Another among the FDA-approved mHealth apps is Trak, described by TechCrunch as “like a Fitbit for sperm”. The first at-home sperm- testing kit and associated app monitors a user’s results over time.

One in six couples will experience trouble conceiving a child and half of these problems originate from male partners.

“Unfortunately, there is a certain stigma and silence associated with male infertility, which often precludes men from seeking proper and timely evaluation and treatment,” said Dr Jamin Brahmbhatt, urologic surgeon and infertility specialist with Orlando Health in Florida.

Using the app, men can compare their results to the population via a cloud-based community of users and receive tailored feedback to help boost their counts. The approved apps also include a range of connectable tools that can transform your phone into a doctor’s kit: An add-on kit from CliniCloud transforms a phone into a digital stethoscope and thermometer that anyone can use.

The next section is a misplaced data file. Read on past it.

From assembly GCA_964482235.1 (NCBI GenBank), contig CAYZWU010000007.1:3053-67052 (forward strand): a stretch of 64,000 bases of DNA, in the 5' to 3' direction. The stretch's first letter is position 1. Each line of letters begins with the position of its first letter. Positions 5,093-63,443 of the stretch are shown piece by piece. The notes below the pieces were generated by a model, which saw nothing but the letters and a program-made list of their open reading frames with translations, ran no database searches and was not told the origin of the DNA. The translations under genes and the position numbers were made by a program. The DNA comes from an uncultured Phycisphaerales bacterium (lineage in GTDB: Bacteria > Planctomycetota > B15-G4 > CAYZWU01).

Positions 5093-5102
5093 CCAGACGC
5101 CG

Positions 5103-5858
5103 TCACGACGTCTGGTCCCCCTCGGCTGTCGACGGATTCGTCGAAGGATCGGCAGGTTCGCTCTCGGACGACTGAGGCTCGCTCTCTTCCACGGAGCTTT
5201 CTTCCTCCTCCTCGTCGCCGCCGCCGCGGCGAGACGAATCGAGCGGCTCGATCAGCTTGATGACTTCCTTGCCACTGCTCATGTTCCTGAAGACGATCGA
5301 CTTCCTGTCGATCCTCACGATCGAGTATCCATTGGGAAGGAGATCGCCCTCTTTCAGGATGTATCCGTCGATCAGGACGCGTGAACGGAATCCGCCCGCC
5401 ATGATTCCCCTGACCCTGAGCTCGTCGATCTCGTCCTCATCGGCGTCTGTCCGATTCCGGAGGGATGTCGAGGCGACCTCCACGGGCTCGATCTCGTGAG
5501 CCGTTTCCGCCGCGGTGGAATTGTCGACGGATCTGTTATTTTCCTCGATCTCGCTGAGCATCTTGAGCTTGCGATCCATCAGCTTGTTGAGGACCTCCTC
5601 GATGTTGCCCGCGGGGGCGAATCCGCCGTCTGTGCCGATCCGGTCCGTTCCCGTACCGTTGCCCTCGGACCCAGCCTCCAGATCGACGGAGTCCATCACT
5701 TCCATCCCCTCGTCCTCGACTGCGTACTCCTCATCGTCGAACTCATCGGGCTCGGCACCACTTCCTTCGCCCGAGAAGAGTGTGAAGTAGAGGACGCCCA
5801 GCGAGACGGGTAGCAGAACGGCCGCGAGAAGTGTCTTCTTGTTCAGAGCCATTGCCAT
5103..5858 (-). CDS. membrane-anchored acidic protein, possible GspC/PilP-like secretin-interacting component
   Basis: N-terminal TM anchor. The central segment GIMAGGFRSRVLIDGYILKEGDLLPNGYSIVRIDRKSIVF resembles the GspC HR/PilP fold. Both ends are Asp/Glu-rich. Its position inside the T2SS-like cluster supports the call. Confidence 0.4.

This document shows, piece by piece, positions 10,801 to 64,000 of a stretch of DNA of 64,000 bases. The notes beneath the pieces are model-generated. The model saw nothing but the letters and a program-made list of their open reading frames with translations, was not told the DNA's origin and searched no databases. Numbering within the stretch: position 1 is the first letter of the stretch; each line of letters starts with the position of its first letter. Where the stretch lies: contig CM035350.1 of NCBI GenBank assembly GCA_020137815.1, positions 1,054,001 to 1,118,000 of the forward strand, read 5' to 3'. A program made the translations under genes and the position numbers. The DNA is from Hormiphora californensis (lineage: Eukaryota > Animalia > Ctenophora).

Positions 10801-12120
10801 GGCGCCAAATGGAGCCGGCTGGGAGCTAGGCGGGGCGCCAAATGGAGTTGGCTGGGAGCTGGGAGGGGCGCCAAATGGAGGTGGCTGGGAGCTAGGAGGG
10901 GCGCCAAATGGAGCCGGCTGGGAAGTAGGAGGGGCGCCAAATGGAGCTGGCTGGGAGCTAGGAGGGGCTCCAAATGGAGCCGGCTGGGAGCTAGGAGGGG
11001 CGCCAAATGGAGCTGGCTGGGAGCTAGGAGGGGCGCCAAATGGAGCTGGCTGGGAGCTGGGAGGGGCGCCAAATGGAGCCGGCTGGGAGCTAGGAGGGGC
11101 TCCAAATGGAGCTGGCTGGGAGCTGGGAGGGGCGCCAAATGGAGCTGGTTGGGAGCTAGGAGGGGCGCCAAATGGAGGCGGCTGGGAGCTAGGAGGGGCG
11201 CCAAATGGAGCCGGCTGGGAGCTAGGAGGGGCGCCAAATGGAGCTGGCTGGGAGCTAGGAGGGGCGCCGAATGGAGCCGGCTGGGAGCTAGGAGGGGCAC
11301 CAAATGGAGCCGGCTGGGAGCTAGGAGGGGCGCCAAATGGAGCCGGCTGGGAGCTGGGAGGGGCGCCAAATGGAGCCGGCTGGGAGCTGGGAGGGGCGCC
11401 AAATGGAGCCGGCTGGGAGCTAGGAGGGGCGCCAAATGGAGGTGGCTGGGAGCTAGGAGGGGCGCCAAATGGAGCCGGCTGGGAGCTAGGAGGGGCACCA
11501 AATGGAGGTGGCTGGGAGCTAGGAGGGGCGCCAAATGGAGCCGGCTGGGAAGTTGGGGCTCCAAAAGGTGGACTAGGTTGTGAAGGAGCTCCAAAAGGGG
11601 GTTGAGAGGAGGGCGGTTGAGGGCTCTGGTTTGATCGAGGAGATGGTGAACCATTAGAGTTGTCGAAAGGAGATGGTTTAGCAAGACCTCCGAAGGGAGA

Heart-rate and temperature are captured in the app and suspicious coughs, wheezes, or temperatures can be sent directly to a doctor for evaluation. The devices don’t even have to touch the skin, so a sleeping child can be left undisturbed.

Another device, the Kardia Mobile, transforms the phone into a portable ECG, with the ability to detect hypertension and atrial fibrillation from a patient’s fingertips.

And mHealth is even challenging traditional laboratory testing.

Described by The Lancet as “a laboratory in your pocket” the Biomeme System transforms an iphone into a mobile DNA lab. The hand-held real-time polymerase chain reaction (PCR) works by creating billions of copies of pathogens’ DNA in a blood sample, tagging them each with a fluorescent dye. The iPhone’s camera can then detect the dye, while the app identifies which virus is present in the sample.